In a $190M day, Yorkton gets 2 canola-crushing plants

In the wink of an eye, Yorkton, Sask. has turned into one of the canola-crushing capitals of Canada.

In the wink of an eye, Yorkton, Sask., has turned into one of the canola-crushing capitals of Canada.

Two companies separately announced Thursday that they'll be building large plants for processing the oilseeds in the southeast Saskatchewan city.

The first announcement came from James Richardson International Ltd.,which says it will start construction next year ona $100-million plant. The state-of-the-art plant will be capable of processing 840,000 tonnes of canola per year when the building is finished, in 2008 or 2009.

The second announcement, which came about an hour after the first, was from Louis Dreyfus Canada Ltd.,which said its $90-million canola-crushing facility will be operational in 2008.The Louis Dreyfus plant will be able to handle 850,000 tonnes of canola a year.

SaskatchewanDeputy PremierClay Serbysaid having two canola plants will be a major boost to the community as well as farmers. Both plants will have the capacity to crush oil for biodiesel plants, as well as the food industry,said Serby, who represents the Yorkton constituency.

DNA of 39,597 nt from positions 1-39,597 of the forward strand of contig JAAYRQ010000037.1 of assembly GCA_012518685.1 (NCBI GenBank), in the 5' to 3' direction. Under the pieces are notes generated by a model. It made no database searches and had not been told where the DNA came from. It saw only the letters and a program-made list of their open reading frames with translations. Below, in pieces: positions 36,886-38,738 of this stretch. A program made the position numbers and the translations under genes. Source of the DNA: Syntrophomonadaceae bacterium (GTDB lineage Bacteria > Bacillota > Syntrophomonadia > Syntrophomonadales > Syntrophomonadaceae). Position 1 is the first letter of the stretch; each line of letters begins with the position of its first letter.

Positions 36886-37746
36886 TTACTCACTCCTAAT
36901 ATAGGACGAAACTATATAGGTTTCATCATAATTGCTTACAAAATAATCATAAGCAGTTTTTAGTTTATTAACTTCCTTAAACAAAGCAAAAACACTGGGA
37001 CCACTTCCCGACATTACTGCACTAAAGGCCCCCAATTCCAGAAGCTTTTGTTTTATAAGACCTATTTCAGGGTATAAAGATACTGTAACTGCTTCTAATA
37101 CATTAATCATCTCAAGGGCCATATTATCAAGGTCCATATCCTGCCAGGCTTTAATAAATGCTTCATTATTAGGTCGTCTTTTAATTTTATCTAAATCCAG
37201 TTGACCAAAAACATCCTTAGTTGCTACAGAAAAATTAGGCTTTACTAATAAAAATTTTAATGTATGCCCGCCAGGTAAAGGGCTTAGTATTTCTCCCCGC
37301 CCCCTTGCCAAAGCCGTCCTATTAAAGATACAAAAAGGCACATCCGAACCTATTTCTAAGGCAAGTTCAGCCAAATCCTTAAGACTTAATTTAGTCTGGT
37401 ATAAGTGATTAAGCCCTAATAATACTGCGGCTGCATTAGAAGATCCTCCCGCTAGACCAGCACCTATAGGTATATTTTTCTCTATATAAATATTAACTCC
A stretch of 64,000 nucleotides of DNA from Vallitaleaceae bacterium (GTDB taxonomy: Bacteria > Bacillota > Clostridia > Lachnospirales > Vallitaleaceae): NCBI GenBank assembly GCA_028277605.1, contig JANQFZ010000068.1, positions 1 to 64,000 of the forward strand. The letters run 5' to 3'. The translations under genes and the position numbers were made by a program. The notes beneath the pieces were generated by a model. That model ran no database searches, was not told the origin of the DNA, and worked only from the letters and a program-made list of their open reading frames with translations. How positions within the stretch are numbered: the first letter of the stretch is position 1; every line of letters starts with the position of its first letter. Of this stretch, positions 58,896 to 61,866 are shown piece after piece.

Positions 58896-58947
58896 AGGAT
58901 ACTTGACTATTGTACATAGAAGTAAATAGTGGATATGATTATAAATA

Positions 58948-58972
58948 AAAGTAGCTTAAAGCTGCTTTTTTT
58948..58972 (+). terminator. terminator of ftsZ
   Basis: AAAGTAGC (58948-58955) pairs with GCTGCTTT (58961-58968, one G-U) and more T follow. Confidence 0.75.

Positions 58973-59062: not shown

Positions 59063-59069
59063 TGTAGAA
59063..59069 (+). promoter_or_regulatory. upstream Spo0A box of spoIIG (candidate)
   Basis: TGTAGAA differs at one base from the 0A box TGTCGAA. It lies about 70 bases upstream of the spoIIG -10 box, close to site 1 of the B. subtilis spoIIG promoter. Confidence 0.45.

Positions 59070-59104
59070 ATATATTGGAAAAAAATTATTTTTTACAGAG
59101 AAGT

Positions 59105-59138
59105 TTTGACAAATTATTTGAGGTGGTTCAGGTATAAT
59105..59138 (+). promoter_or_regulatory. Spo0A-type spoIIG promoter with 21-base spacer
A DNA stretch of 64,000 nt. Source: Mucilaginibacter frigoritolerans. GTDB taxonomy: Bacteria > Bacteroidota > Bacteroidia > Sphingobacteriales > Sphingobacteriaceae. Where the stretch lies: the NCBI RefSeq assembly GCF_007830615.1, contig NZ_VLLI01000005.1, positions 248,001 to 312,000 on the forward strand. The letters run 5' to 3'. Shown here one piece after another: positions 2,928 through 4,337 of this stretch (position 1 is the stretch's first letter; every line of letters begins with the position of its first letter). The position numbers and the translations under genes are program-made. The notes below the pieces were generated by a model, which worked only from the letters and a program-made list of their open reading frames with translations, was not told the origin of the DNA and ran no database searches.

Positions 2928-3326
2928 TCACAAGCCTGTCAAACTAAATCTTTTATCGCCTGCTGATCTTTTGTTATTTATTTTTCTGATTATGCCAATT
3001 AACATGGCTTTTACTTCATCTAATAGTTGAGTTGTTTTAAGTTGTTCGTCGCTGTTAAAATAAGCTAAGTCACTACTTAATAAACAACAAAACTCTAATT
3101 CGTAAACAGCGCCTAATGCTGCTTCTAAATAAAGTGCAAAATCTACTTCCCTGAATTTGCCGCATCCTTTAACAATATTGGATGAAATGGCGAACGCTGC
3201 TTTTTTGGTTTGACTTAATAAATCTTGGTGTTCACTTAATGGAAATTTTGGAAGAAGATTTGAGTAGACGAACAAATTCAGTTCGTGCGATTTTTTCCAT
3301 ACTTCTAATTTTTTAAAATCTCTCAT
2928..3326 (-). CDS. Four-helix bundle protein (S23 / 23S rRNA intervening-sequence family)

TheWinnipeg-based James Richardson company said it chose Yorkton over five sites in Manitoba and North Dakota because it is located in the heart of Western Canada's prime canola-growing region.

President Curt Vossen said the company's decision to build in Yorkton was dictated by location, not politics.

"At the end of the day, the true rationale, the total rationale for where we're putting this project has to do with natural advantage that has nothing to do with governmental policy," Vossen said.

"The single largest advantage, I think, that the selected location has over the others is [the] proximity to that raw material."

The community also has access to major rail carriers, a good highway system and the necessary infrastructure.

Richardson said earlier that the plant will create more than 60 highly skilled jobs, and stimulate local employment in transportation and related industries.

The new plant will triple Richardson's production of canola oil, an edible product that is used in salads, frying, margarine and potentially for bio-diesel fuel.

Richardson also owns Canbra Foods Ltd., which operates a canola crushing, refining and packaging plant in Lethbridge, Alta.

Meanwhile, Louis Dreyfus Canada, a Calgary-based grain-marketing company said its plant will create 45 full-time jobs. Construction on its plant is expected to being in the fall.